Becoming an administrative assistant often means completing an associate degree. While these programs typically cost much less than a bachelor's degree, prospective students must still understand true program costs. This involves comparing costs between online and on-campus programs, as well as carefully researching any hidden college costs.To help offset expenses related to earning an associate degree in administrative assisting, learners can look for business scholarships and apply for financial aid.


The BLS reports that administrative assistants earned median annual salaries of $39,680 as of 2021. Those in the top 10% of earners commanded salaries in excess of $63,100 per year. Individuals working as legal administrative assistants earned the second highest median salaries of $47,710 per year.

Salaries can also depend on location. Administrative assistants working in Washington, D.C. earn mean annual wages of $51,690, which is the highest in the nation, as of May 2021 BLS state data.

Frequently Asked Questions About Becoming an Administrative Assistant

What qualifications do you need to become an administrative assistant?

While some companies hire high school graduates, many look for candidates with at least some postsecondary training in secretarial and administrative assisting skills. Regardless of the type of training an aspiring administrative assistant decides to pursue, the best programs build skills and knowledge in office administration, professional communication, document processing, and interacting with customers. Those focused on legal or medical assisting may also need to learn specific terminology.

What is the fastest way to become an administrative assistant?

For many, completing an associate in administrative assisting provides the most streamlined path to employment. That said, these programs generally require two years of full-time training. For those looking to enter the field faster, pursuing a technical training course or certification may be a better option. Accelerated degree programs can also help learners enter the workforce sooner. Some high schools provide career and technical education training programs that students can complete alongside their high school coursework. These programs are also open to people who hold a high school or GED diploma and want to return to school for training.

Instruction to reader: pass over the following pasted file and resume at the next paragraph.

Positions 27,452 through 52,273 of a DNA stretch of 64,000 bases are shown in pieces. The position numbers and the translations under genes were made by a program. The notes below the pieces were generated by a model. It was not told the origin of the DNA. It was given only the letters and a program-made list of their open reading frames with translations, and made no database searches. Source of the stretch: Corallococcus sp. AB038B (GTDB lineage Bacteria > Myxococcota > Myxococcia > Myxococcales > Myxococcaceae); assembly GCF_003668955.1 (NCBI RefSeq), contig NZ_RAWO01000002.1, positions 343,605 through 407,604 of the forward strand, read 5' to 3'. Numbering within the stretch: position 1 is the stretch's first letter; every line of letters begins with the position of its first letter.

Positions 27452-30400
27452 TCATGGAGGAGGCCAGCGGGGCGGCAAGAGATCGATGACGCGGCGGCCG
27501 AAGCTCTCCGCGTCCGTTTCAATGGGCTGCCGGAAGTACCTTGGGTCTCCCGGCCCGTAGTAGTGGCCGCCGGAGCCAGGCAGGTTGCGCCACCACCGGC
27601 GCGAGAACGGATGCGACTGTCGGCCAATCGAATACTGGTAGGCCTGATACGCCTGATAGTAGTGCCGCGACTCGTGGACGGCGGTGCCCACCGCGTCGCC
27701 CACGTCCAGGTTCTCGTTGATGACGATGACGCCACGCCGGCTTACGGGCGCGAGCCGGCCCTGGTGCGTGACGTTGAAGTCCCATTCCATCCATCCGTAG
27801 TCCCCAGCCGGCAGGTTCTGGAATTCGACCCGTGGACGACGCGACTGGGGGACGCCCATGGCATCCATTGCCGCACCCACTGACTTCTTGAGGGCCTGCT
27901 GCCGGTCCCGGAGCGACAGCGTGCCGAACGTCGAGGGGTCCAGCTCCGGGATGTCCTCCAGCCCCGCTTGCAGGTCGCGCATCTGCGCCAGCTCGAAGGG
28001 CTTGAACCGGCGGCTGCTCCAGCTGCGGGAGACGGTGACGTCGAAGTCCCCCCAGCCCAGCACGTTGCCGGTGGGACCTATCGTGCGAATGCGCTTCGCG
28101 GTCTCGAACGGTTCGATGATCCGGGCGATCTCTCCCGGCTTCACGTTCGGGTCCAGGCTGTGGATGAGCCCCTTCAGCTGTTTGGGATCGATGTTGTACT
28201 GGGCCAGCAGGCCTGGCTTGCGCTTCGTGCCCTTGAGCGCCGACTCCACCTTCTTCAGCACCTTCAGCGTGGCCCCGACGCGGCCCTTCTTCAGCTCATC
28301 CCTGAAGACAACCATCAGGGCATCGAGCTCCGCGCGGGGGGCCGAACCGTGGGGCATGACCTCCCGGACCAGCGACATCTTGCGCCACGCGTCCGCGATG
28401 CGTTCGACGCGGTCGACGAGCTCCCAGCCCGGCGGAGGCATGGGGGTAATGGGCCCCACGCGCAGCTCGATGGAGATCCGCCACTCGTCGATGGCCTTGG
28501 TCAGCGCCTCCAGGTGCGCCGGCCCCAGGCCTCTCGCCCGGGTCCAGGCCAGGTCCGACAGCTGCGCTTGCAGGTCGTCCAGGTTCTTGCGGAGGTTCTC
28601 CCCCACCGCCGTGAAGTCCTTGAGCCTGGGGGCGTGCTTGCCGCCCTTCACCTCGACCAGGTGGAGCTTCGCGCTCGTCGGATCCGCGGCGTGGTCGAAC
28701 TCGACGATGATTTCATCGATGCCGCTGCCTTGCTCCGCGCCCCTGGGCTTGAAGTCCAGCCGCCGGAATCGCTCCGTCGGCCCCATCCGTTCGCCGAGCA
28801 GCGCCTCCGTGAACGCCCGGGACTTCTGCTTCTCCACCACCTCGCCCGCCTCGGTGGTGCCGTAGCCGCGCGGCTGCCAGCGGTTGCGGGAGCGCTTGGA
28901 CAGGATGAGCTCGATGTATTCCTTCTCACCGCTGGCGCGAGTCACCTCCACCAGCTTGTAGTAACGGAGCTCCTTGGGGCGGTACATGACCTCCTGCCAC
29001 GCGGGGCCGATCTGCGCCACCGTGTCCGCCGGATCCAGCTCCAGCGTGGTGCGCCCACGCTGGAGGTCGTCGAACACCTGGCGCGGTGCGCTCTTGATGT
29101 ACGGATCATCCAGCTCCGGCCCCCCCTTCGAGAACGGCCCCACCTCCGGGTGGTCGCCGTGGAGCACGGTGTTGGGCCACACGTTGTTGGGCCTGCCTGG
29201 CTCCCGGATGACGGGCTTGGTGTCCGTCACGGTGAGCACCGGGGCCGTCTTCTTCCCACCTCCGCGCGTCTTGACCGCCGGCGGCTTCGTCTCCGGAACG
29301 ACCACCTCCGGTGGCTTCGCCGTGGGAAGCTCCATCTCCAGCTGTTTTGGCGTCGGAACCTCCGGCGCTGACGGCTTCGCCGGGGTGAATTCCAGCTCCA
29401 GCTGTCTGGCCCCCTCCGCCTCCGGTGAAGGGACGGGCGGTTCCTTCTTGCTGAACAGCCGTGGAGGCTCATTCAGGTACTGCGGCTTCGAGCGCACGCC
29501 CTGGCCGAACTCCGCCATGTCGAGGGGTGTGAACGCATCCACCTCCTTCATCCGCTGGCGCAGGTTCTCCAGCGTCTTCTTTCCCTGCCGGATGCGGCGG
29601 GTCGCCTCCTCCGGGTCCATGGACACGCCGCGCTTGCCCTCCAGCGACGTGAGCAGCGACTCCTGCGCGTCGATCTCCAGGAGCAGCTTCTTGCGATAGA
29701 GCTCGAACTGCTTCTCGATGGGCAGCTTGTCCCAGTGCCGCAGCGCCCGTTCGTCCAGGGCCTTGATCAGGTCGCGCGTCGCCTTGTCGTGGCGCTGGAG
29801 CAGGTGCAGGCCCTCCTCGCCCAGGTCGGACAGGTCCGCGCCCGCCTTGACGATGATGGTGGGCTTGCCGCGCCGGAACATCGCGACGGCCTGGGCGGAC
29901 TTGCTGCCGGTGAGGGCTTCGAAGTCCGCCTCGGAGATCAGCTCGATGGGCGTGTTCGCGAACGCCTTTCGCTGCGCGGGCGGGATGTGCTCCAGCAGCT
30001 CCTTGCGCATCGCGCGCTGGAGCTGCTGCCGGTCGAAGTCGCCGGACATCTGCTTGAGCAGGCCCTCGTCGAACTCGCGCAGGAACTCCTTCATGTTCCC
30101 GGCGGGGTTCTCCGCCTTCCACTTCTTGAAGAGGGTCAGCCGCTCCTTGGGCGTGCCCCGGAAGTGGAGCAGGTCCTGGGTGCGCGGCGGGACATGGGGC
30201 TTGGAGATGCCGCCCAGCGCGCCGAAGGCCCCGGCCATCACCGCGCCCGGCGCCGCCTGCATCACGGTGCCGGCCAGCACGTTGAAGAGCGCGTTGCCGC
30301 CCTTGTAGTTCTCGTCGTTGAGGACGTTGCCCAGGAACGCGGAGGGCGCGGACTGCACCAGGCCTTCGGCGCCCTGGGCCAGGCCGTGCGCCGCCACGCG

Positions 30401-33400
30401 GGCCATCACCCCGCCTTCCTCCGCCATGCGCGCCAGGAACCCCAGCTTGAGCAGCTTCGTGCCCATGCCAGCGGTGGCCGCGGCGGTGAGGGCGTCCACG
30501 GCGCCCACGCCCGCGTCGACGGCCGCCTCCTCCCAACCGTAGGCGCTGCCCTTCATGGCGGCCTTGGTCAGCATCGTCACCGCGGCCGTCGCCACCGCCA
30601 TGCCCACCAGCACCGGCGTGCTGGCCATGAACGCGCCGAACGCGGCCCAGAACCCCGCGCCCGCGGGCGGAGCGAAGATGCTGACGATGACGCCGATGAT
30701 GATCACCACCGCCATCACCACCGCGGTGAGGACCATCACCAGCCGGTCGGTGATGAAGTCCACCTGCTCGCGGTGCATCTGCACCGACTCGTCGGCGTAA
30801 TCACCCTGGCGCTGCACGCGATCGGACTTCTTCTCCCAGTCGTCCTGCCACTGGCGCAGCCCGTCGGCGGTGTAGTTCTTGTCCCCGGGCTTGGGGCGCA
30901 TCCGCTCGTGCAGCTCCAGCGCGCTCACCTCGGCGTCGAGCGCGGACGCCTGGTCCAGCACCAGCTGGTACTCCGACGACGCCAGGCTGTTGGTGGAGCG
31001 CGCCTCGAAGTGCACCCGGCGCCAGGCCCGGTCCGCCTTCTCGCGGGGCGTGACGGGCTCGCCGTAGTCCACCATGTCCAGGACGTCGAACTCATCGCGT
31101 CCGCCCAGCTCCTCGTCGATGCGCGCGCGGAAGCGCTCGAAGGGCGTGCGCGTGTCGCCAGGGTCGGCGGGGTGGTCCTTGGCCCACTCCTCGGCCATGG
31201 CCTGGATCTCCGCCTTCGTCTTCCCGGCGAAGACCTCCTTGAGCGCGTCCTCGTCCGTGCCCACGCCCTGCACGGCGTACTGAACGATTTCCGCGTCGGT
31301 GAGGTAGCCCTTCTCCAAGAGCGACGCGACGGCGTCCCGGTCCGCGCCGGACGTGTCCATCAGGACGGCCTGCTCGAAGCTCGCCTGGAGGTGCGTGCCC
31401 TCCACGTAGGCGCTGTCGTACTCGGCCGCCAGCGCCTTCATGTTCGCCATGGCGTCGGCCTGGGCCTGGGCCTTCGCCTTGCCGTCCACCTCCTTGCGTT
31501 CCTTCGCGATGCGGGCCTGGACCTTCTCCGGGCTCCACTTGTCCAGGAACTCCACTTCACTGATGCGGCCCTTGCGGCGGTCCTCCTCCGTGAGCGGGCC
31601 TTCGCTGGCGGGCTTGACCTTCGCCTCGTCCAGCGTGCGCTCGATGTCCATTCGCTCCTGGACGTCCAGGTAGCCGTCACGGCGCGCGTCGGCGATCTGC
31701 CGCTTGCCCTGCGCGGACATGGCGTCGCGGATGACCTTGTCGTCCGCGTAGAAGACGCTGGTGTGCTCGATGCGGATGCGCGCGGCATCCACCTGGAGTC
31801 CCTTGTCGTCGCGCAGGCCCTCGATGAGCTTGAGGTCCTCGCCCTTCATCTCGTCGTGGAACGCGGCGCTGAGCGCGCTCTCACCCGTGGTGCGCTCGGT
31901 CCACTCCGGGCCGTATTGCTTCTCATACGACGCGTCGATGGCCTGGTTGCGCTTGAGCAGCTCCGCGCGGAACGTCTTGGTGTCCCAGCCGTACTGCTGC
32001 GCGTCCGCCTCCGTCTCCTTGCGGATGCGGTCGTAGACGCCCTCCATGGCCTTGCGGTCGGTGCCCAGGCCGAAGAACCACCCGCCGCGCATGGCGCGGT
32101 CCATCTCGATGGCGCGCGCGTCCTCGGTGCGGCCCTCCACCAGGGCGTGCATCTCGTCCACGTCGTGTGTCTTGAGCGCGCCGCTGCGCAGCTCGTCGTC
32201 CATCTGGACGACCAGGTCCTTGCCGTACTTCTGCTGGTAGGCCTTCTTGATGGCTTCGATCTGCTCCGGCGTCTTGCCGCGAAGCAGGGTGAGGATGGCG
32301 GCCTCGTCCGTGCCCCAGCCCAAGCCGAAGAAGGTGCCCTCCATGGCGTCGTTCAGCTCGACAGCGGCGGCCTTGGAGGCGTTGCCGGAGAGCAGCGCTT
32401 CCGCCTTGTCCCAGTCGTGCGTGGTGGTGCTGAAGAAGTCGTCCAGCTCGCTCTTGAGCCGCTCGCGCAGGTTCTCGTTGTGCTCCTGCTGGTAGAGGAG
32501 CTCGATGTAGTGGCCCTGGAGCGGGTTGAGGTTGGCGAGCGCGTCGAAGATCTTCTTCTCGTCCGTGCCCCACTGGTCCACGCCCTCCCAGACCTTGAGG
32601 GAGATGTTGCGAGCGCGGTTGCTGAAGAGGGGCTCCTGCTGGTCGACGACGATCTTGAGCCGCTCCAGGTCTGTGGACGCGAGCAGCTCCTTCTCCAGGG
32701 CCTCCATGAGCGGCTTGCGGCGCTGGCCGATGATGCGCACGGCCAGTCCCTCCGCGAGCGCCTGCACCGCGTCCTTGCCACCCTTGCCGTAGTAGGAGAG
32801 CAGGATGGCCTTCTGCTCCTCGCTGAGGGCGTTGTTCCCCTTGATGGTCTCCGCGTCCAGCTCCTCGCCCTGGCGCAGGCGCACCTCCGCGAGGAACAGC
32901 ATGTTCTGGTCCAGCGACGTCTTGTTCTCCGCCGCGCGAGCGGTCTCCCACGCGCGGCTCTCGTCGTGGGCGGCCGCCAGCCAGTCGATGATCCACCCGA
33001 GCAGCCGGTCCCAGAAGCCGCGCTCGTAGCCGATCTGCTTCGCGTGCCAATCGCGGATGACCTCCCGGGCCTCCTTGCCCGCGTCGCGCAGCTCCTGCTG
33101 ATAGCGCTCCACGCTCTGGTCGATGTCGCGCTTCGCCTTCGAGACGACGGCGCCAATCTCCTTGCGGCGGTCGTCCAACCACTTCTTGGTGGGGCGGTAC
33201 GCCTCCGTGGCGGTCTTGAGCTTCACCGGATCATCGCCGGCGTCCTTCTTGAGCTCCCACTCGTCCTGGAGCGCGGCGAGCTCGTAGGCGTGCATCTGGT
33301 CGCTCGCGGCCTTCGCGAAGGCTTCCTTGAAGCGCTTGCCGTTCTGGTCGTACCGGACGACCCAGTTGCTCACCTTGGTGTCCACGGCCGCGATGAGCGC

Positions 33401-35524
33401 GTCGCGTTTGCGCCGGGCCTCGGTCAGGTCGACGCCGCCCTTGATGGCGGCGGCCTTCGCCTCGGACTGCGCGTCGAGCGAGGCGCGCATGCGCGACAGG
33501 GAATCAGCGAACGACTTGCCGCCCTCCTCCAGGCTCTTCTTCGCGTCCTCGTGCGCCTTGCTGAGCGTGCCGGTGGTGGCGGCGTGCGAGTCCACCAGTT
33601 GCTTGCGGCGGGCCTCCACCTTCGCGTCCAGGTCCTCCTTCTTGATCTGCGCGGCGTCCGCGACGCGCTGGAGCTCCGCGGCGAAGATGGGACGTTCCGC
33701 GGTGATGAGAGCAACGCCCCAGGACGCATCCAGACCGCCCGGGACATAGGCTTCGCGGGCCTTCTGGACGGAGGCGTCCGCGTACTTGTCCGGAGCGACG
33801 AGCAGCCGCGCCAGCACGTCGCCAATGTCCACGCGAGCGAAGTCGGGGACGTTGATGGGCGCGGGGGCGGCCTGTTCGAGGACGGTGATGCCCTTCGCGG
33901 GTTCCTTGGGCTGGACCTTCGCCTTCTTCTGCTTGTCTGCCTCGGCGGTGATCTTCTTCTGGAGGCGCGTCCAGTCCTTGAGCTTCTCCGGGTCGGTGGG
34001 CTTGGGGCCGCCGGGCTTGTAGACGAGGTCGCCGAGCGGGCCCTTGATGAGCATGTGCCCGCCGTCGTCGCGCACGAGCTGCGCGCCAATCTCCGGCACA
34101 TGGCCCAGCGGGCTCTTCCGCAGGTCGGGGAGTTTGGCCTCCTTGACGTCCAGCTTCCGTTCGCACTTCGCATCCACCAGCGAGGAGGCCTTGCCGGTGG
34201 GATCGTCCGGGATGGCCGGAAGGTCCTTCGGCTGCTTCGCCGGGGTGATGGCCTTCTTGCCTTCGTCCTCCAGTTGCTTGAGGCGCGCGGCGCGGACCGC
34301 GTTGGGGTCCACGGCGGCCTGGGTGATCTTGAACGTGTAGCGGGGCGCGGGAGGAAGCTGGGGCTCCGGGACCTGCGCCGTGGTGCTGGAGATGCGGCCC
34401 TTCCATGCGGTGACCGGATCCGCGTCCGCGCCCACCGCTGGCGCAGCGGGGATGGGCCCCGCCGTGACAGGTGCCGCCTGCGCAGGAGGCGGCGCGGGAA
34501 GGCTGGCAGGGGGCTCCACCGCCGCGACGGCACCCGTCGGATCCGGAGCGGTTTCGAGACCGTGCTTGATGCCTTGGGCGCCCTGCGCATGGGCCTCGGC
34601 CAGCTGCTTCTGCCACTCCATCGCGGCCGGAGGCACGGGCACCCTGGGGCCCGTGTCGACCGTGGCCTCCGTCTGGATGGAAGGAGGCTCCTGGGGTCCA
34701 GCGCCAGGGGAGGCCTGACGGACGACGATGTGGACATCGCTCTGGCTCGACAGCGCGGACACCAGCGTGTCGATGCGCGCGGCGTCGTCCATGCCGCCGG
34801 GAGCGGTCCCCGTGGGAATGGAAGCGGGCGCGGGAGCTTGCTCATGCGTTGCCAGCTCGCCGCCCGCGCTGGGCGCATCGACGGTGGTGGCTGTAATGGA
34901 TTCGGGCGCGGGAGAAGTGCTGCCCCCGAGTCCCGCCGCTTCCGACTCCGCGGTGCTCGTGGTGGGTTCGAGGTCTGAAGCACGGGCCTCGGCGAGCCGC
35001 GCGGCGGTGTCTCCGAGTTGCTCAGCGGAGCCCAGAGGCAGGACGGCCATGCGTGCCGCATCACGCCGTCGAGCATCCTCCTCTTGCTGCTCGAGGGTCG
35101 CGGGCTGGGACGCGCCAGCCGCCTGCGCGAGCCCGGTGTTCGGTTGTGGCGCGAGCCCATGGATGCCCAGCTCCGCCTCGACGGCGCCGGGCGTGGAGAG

How do I become an administrative assistant without a degree?

The answer to this question, at least for entry-level administrative assistant careers, depends largely on the employer. Not every company requires administrative assistants to hold a degree. But the pool of potential employers may shrink for those without postsecondary training.

That said, individuals who find a job without a degree can often build the skills and experience needed to continue climbing the career ladder without pursuing a degree. Those who want to transition into more senior-level roles, however, may need to return to school.

Can I become an administrative assistant with an online degree?

Yes. Completing an online degree in business or administrative assisting is a popular route for those who want to earn a postsecondary qualification but need more flexibility. Online programs can make it easier to balance personal and professional responsibilities alongside academics.Colleges and universities make no distinction between online and in-person degrees on diplomas. Students receive the same education regardless of the format of their studies. These programs frequently appeal to nontraditional students who did not go straight from high school into college, as they make it possible to fit in studies around existing schedules.

How much does an administrative assistant make?

According to the BLS, administrative assistants earned median annual salaries of $39,680 in 2021. Those in the top 10% of earners took home salaries in excess of $63,100, while the lowest 10% of earners received less than $28,920 during the same year. Individuals who work their way up to executive administrative assistant roles can earn the highest median salaries at $62,060 per year as of May 2021. Meanwhile, medical secretaries and administrative assistants earned the least at $37,450 per year in 2021. Legal secretaries took home median wages of $47,710 the same year. is an advertising-supported site. Featured or trusted partner programs and all school search, finder, or match results are for schools that compensate us. This compensation does not influence our school rankings, resource guides, or other editorially-independent information published on this site.